Additive Pioneer Keeps Digging for 3DP Answers

Kim Phelan

Nate Bryant didn’t set out to become an expert in additive manufacturing. In 2013, he was a freshman at University of Northern Iowa (UNI) when the school metalcasting lab installed its 3D printer––only the fourth installation in the country––and he couldn’t wait to get his hands on it. Over the next few years, through continuous use, experimentation, and study, he became one of the lab’s foremost authorities, and word was getting out. Well-tenured professionals from the industry began seeking his advice, and meanwhile, Bryant’s graduate work and research expanded his expertise and contributions to industry’s knowledge base for 3D printed sand molds and cores. Today, he is project engineering manager at UNI’s new smart foundry, a non-teaching research role for the university.
Since 2017, Bryant has authored a dozen AFS-published papers and has conducted both AFS-sponsored and other research on surface finish, machine parameters, smart manufacturing, chromite sand, as well as diverse binders in 3D printed sand applications, with and without coatings. For these accomplishments, he was the 2024 recipient of the AFS Additive Manufacturing Division’s Technical Achievement Award.

Modern Casting met up with Bryant on a video call in mid-May––the conversation went like this:

Modern Casting: You’ve been producing research for over seven years––what do you consider to be some of the most breakthrough outcomes of your work for the metalcasting industry?

Bryant: When we first started to interface with 3D sand printing, we were extremely limited in the materials that were available for it. The supplier of the machine also supplied the raw materials, meaning the binder, and they were pretty exorbitantly priced. I don’t want to say that the manufacturer made a mistake by putting it at a university, but we didn’t necessarily believe them when they told us that you have to use these materials or else it won’t work. 

So, we launched a pretty significant investigation, which looked at regionally available and commercially available materials as alternatives to what the manufacturer was supplying.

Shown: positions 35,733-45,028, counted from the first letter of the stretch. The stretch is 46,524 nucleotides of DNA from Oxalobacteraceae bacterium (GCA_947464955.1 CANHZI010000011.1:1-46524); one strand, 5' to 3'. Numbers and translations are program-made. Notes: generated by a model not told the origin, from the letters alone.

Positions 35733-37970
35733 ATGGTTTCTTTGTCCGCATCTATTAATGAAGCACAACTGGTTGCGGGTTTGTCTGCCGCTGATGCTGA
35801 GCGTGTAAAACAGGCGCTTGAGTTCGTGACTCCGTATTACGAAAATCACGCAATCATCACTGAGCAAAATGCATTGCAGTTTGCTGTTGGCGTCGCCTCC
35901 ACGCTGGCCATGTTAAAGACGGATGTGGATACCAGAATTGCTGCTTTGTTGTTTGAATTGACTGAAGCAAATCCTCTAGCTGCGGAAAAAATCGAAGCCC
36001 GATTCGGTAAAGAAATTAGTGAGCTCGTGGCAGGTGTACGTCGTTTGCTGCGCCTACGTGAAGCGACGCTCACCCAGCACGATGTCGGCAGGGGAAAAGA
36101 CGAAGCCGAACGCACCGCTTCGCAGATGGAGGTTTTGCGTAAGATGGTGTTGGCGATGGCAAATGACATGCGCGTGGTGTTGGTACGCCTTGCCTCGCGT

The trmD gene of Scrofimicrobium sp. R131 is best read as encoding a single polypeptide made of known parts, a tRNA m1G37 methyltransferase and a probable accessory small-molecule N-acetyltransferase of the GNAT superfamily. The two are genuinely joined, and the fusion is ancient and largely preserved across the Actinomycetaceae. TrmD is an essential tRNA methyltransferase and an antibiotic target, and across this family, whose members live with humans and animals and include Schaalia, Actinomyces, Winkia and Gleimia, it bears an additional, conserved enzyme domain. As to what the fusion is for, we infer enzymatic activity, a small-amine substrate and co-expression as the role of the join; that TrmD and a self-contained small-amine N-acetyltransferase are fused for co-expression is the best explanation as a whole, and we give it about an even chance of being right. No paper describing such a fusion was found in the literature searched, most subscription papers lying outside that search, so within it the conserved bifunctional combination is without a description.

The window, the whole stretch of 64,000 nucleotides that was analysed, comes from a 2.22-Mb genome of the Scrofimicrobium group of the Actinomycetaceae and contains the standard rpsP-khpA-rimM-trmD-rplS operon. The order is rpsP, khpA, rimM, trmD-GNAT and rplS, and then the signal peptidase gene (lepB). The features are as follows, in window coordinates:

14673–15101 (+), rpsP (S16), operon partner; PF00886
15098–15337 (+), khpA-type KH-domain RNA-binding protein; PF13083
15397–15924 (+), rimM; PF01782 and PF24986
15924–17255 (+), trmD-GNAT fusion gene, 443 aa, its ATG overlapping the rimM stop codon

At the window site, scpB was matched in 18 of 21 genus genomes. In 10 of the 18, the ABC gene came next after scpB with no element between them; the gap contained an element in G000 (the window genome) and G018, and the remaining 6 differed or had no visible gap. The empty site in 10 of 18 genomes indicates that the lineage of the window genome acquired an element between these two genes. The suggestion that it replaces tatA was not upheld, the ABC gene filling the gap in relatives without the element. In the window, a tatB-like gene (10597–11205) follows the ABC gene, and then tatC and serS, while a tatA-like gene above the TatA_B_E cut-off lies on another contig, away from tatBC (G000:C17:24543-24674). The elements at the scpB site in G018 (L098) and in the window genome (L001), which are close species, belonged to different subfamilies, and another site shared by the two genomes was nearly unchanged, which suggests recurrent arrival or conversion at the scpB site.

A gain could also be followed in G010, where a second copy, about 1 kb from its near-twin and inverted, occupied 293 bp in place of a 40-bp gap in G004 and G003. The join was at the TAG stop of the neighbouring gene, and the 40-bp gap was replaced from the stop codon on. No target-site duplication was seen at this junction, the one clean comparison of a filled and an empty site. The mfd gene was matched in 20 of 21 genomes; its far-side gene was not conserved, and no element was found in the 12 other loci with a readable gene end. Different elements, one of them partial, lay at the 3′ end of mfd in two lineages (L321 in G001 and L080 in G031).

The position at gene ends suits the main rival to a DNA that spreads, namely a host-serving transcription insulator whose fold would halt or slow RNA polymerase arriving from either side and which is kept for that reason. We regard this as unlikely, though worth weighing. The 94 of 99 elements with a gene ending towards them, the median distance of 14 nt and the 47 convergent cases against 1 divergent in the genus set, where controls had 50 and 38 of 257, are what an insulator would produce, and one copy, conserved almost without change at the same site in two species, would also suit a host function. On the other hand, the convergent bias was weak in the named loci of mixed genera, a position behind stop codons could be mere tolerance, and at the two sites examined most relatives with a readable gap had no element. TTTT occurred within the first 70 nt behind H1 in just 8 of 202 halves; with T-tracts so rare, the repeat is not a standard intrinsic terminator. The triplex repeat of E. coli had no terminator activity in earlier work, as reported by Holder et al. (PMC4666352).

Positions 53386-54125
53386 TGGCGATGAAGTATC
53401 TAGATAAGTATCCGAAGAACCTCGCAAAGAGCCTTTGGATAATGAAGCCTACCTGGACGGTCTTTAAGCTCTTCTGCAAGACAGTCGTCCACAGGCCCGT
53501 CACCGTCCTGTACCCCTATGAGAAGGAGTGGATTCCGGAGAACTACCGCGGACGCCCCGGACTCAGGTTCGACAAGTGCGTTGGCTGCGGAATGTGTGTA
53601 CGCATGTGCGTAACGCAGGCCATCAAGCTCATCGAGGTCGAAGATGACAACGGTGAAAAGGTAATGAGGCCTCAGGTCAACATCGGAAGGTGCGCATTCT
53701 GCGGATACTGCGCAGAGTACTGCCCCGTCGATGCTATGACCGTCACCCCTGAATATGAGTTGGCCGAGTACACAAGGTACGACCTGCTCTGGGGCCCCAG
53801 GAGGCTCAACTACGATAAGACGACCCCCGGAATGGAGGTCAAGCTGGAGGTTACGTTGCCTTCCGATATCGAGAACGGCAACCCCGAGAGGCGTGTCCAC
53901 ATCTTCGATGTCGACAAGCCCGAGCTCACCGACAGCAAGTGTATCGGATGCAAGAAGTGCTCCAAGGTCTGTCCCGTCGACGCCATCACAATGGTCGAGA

Our findings were actually published in the IJMC in a 2016 paper called “Advancements in Materials for 3D Sand Printing,” and what that showed was, yes, you can use the sand that you’re using in your typical foundry operations––you can use commercially-available furan resin for 3D sand printing. As a result, we reduced the cost of materials by 80% to 90% to produce sand molds and cores using 3D printing. Now the machine was still very expensive, but we reduced that barrier to entry by reducing the cost of additively manufactured molds and cores so that others could essentially use us, the university, as a service bureau to try out this technology. And once they started to see the similarities to manufacturing cores with the cold box or hot box process, that led to accelerated adoption to the point where we are today.

Modern Casting: Weren’t you just a little bit afraid of breaking that $1.5 million machine by using ‘unauthorized’ materials?

Bryant: Luckily, I was a novice at the time … I was 18. I didn’t have the fear of breaking it because I didn’t know any better. 

The material the manufacturer was giving us was an Oklahoma silica. And we did a full characterization of that, and we discovered it’s just regular silica sand, but it’s screened to a different level. So, we went to different sand suppliers and said, ‘Hey, can you make something that looks like this?’ And they did. We worked with U.S. Silica, which became Covia, and also Badger Mining. And we asked them to provide us with silica that matched the properties of what we characterized for the machine. That gave us kind of a one-to-one silica comparison, and we went from $800 a ton to about $80.